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NEW YORK — Weitz & Luxenberg announced April 27 that the firm has filed a property damage lawsuit against the Coca-Cola Company, and certain of its affiliates, on behalf of 80 residents and former residents of Paw Paw, Mich., whose homes have allegedly been damaged by years of soil contamination.
“The affected residents are struggling without drinkable town water, which is made even worse by the impact that Coca-Cola’s contamination has on residents’ daily use of their homes, diminished property values and health concerns,” said Robin Greenwald, head of the Environmental and Toxic Torts Unit at Weitz & Luxenberg. “Coca-Cola has known about the problems it has been causing residents for at least 10 years, having been fined by the Michigan Department of Environmental Quality for its pollution practices.”
The lawsuit (No. 10-59-614-NO), filed in the Circuit Court for the County of Van Buren, charges Coca-Cola with contaminating the town’s drinking water with chemical pollutants that have migrated onto plaintiffs’ home properties from Coca-Cola’s Minute Maid brand beverage production facility in Paw Paw. The Paw Paw Township Assessor has already notified certain residents that their homes’ “state equalized values” have been reduced due to groundwater contamination from the Coca-Cola plant.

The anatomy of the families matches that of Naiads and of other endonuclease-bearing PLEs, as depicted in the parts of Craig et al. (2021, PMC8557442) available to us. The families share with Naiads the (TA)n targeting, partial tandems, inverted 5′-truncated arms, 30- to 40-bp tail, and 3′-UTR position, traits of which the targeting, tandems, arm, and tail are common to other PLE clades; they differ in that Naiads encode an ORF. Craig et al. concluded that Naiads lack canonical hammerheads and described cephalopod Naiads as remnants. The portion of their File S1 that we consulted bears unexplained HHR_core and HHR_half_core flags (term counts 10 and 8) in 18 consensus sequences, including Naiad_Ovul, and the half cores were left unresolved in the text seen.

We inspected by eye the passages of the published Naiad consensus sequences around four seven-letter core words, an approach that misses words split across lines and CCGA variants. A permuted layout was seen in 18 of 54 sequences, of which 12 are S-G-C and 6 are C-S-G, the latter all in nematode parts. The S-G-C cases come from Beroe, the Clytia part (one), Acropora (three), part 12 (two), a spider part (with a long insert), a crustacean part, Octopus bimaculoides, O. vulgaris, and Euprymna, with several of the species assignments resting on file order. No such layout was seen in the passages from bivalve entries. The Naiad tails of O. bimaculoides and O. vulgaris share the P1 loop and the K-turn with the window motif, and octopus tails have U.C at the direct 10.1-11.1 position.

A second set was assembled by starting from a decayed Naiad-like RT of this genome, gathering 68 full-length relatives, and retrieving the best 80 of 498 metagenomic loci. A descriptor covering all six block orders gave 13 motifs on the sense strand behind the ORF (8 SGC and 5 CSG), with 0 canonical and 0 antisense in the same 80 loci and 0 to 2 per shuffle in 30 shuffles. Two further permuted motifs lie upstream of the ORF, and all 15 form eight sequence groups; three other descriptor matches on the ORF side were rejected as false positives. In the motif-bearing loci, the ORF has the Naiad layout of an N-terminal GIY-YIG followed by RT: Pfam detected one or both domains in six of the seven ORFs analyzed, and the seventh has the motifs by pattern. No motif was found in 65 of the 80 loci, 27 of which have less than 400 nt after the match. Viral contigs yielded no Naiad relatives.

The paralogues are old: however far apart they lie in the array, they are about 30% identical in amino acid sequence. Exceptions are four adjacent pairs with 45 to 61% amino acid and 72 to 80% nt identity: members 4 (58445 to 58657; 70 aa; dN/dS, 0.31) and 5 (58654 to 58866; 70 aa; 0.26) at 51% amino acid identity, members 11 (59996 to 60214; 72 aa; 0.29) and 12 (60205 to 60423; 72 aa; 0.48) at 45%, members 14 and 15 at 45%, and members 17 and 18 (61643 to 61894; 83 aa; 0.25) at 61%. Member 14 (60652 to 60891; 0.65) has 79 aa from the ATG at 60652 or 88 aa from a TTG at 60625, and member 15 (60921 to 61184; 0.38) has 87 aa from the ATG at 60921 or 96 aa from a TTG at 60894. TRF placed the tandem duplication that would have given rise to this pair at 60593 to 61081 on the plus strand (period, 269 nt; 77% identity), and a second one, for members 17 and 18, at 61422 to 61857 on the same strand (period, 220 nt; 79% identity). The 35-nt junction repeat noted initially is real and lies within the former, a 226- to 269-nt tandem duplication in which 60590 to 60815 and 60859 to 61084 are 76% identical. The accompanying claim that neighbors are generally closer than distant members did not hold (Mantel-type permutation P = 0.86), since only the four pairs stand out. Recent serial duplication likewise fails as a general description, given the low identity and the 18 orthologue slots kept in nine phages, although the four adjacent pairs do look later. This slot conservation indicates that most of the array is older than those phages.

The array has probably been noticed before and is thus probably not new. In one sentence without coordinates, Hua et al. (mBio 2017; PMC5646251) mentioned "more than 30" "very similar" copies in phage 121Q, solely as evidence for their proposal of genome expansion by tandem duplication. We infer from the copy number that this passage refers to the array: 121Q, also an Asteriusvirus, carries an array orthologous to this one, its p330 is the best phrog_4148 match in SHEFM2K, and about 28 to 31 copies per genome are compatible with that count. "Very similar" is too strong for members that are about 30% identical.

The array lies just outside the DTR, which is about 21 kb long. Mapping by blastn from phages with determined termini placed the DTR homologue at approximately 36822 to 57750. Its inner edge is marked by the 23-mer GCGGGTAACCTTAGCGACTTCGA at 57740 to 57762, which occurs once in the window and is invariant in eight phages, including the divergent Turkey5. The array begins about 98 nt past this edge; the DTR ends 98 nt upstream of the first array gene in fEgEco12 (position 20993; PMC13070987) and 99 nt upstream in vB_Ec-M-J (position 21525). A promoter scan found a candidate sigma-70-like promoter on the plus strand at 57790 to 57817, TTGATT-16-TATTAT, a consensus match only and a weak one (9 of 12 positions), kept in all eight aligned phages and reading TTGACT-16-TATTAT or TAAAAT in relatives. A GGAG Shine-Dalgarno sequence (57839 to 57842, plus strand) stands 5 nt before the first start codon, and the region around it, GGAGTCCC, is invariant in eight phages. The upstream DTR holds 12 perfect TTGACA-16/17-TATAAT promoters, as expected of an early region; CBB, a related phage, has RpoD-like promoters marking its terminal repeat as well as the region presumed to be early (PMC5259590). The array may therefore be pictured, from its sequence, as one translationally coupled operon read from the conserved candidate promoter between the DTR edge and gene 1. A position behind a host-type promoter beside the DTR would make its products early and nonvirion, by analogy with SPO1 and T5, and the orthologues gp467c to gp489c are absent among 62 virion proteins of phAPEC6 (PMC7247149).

According to the seven-count complaint, Coca-Cola sprayed waste water onto the soil for more than 30 years. Today, nearby groundwater shows signs of significant contamination with detectable levels of heavy metals including arsenic, lead, iron and manganese, it says.
Paw Paw, a village with a population of approximately 3,400, is in the southwestern part of Michigan on Interstate 94, approximately 20 miles west of Kalamazoo. Weitz & Luxenberg said at least two dozen home owners there have been affected as their property is situated near the alleged source of the contamination — Coca-Cola’s Minute Maid plant on Red Arrow Highway.
According to state records, the Michigan Department of Environmental Quality fined Coca-Cola $50,000 when it violated its waste discharge permit by oversaturating its Paw Paw spray fields 10 years ago. In 2001, Coca-Cola built a $7-million wastewater treatment plant to correct the problem. Based on the continuing contamination problem, however, this remedy has not resulted in the groundwater being cleaned up.
Paw Paw homeowners named in the lawsuit are seeking restitution for the contamination, which has impacted real estate values. Community members have also reported health issues, including gastrointestinal, kidney and central nervous system disorders, according to the law firm.
Weitz & Luxenberg, founded in 1986, is one of the leading plaintiffs' litigation law firms in America. For more information, visit www.weitzlux.com.